I'm a classically trained pianist who, on occasion, plays keyboard on stage. Though I am told that the latency in a given system is negligible by the tech, I often think I can feel the difference between the immediacy of a piano with that of a keyboard running through a program like Mainstage. Please can you shed some light on how many milliseconds of latency is acceptable and how much is just people like me thinking we can feel a difference when we can't.
Jonathan Ingham via email
SOS contributor Dave Stewart replies: If you're used to playing Hammond organ, electric piano or acoustic piano, the difference between their near-instant physical response and that of a virtual instrument can feel quite dramatic. In order to buy the time to process incoming MIDI data, computers use an 'In/Out Buffer' to temporarily store data, and this can introduce considerable timing delays. At a sample rate of 44.1kHz, setting the I/O buffer to 512 samples gives a delay of around 12 milliseconds (= 0.012 seconds), which though it sounds tiny on paper, many people can feel. I find that a setting of 256 samples (6ms) is acceptable for most situations, but with instruments that use thousands of samples (sampled pianos being the worst offenders), a setting of 256 samples will sometimes create pops and clicks.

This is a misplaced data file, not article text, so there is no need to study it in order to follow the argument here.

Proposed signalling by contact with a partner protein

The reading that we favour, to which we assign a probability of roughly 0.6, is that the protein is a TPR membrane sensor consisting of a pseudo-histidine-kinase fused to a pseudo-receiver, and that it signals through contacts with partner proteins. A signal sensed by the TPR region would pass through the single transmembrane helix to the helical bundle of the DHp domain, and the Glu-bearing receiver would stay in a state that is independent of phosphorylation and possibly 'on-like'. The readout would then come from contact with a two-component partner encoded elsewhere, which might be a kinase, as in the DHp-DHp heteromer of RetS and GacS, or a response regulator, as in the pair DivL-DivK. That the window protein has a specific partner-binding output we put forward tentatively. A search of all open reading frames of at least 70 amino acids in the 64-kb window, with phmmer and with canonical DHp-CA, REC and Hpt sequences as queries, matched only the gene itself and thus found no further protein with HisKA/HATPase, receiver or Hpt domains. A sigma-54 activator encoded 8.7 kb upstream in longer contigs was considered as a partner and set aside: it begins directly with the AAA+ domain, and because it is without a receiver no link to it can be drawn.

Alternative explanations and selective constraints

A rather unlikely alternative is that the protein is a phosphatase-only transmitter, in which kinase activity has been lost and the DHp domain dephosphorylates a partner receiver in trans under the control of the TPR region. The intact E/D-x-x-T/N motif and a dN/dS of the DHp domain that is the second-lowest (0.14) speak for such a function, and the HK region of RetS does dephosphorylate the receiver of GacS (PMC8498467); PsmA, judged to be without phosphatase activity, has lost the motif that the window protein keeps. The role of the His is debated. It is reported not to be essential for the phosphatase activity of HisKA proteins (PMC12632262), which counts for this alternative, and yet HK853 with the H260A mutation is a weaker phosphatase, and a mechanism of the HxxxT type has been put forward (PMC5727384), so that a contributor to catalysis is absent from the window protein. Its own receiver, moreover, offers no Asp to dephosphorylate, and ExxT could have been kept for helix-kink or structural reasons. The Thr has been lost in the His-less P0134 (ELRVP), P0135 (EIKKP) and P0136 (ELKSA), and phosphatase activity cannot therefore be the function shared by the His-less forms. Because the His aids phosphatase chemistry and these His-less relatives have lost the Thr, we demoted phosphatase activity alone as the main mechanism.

As a rule of thumb, a 5 or 6 ms latency feels OK, but anything above 10ms may cause problems when using samples with hard attacks (drums, percussion, piano or clavinet for example). For live playing, you may find that an instrument such as Pianoteq (a modelled piano which uses no samples) may be more up your street than an intensively sampled, multi-gigabyte piano library.
Ultimately, the best judge of whether system latency is 'neglible' or not is the musician, not the technician. If you can feel the latency when you play, it almost certainly exists!